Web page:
Anti Data David Brooks
Josh Haner/The New York Times
Another day another column from a NYT columnist spouting half truths and half baked ideas. David Brooks’ fight against objective reality is not a new phenomenon. I remember the pre-election freak out about Nate Silver. Shorter Brooks, if reality does not agree with your preconceived notions reject reality.
Yesterday’s column was about the supposed shortcomings of data analysis.
Data can help compensate for our overconfidence in our own intuitions and can help reduce the extent to which our desires distort our perceptions.
But there are many things big data does poorly.
He does not explain ever what he means by big data. Does David Brooks want to do away with the scientific method?
Your brain is pretty bad at math (quick, what’s the square root of 437), but it’s excellent at social cognition. People are really good at mirroring each other’s emotional states, at detecting uncooperative behavior and at assigning value to things through emotion.
Just because Bobo is bad at math does not mean everyone is. As Doug Galt of Balloon Juice points out this is not a very difficult problem in the first place. And even if I needed a calculator to determine the square root of an extremely large number, what exactly does that prove? It does not prove that human brain is not good at math. The answer to the above problem would be the same if either the innumerate David Brooks were to punch in the keys or a mathematician. Besides, finding the square root of a number is arithmetic and there is much more to math than arithmetic.
Therefore, when making decisions about social relationships, it’s foolish to swap the amazing machine in your skull for the crude machine on your desk.
Who has proposed this, exactly? A straw man created by Brooks. Using your computer does not preclude using your brains. As with the example of the calculator the the computer is just faster in some instances. Also, scientists have collected and analyzed and relied on data before the advent of computers.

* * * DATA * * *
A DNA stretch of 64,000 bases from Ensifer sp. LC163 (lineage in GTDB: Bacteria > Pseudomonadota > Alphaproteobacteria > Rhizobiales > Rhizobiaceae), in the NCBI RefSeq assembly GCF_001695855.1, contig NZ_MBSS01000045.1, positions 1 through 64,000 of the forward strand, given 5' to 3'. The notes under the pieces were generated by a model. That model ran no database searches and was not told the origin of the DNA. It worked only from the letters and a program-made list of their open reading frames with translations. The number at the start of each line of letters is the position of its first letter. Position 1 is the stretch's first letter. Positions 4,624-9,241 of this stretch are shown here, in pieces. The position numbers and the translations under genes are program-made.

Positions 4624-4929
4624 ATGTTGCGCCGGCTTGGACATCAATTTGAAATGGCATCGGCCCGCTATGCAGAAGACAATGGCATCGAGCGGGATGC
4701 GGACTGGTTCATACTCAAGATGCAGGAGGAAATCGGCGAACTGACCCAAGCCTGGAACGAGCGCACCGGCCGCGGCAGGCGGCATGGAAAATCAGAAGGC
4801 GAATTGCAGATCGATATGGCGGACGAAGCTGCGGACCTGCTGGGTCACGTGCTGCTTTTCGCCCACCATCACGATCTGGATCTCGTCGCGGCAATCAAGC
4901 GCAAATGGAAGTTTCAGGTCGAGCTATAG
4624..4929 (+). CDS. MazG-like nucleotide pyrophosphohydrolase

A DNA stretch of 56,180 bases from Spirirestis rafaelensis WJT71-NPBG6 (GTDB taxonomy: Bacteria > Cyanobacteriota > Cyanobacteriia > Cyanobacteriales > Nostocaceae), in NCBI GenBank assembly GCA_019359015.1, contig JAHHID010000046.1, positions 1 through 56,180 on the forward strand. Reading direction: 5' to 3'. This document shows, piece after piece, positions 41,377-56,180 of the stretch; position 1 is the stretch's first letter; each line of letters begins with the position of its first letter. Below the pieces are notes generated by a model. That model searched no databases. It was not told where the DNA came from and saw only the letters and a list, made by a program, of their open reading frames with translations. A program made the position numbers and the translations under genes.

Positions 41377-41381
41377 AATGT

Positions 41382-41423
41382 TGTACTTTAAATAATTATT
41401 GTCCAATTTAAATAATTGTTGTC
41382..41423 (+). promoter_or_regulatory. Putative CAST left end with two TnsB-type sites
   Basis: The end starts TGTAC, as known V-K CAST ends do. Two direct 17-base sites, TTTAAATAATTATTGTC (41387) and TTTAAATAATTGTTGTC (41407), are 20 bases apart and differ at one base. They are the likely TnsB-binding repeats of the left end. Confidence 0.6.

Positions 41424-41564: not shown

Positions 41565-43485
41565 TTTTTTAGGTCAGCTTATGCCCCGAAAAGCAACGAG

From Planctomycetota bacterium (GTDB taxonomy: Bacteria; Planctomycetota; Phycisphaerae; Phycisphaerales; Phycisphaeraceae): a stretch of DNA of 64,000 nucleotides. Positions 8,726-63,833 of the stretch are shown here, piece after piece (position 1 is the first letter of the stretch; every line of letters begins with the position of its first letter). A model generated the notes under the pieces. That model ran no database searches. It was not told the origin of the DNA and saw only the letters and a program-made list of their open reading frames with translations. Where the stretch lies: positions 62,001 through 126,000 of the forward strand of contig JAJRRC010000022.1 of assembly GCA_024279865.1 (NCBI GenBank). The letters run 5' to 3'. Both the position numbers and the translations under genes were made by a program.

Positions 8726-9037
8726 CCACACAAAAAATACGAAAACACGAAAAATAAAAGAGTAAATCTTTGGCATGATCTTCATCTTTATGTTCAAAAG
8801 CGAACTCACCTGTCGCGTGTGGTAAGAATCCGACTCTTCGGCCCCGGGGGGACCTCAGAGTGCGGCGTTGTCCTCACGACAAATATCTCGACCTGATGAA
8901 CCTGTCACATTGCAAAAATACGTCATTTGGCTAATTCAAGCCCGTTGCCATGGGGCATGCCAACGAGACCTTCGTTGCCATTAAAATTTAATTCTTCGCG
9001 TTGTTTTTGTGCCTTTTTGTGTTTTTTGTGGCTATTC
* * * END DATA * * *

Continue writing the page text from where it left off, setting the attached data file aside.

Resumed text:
Data struggles with context. Human decisions are not discrete events. They are embedded in sequences and contexts. The human brain has evolved to account for this reality. People are really good at telling stories that weave together multiple causes and multiple contexts. Data analysis is pretty bad at narrative and emergent thinking, and it cannot match the explanatory suppleness of even a mediocre novel.
A jargon laden paragraph of gibberish, bet someone could come up with a program that wrote columns that are not so mediocre.
Data creates bigger haystacks. This is a point Nassim Taleb, the author of “Antifragile,” has made. As we acquire more data, we have the ability to find many, many more statistically significant correlations. Most of these correlations are spurious and deceive us when we’re trying to understand a situation. Falsity grows exponentially the more data we collect. The haystack gets bigger, but the needle we are looking for is still buried deep inside.
Apparently Bobo, has never taken a statistics course, because the first thing they drill into you at even in Statistics 101, is that correlation is not causation. It is clear that David Brooks has never collected data for any scientific experiment or done any kind of analysis using numbers, because the problems he cites are about analyzing the data. Does he not realize that results based on scientific analysis have to be robust and not be dependent on either the data set or who is doing the analysis. Scientific research through its peer review process already has these safe guards in place.
This is not to argue that big data isn’t a great tool. It’s just that, like any tool, it’s good at some things and not at others.
No Bobo, data analysis and the scientific method is much better than your gut feeling or reading a sheep’s entrails or tea leaves. And despite your dig at Nate Silver, he did get the election results right. And he has a much better record than you at making political predictions. He proved in the last election cycle that your gut based approach did not hold a candle to his methodology.
I get it, David Brooks is suspicious of something that he does not understand. May be David Brooks should get at least a freshman level understanding of the subject he is criticizing, before churning out a column about it.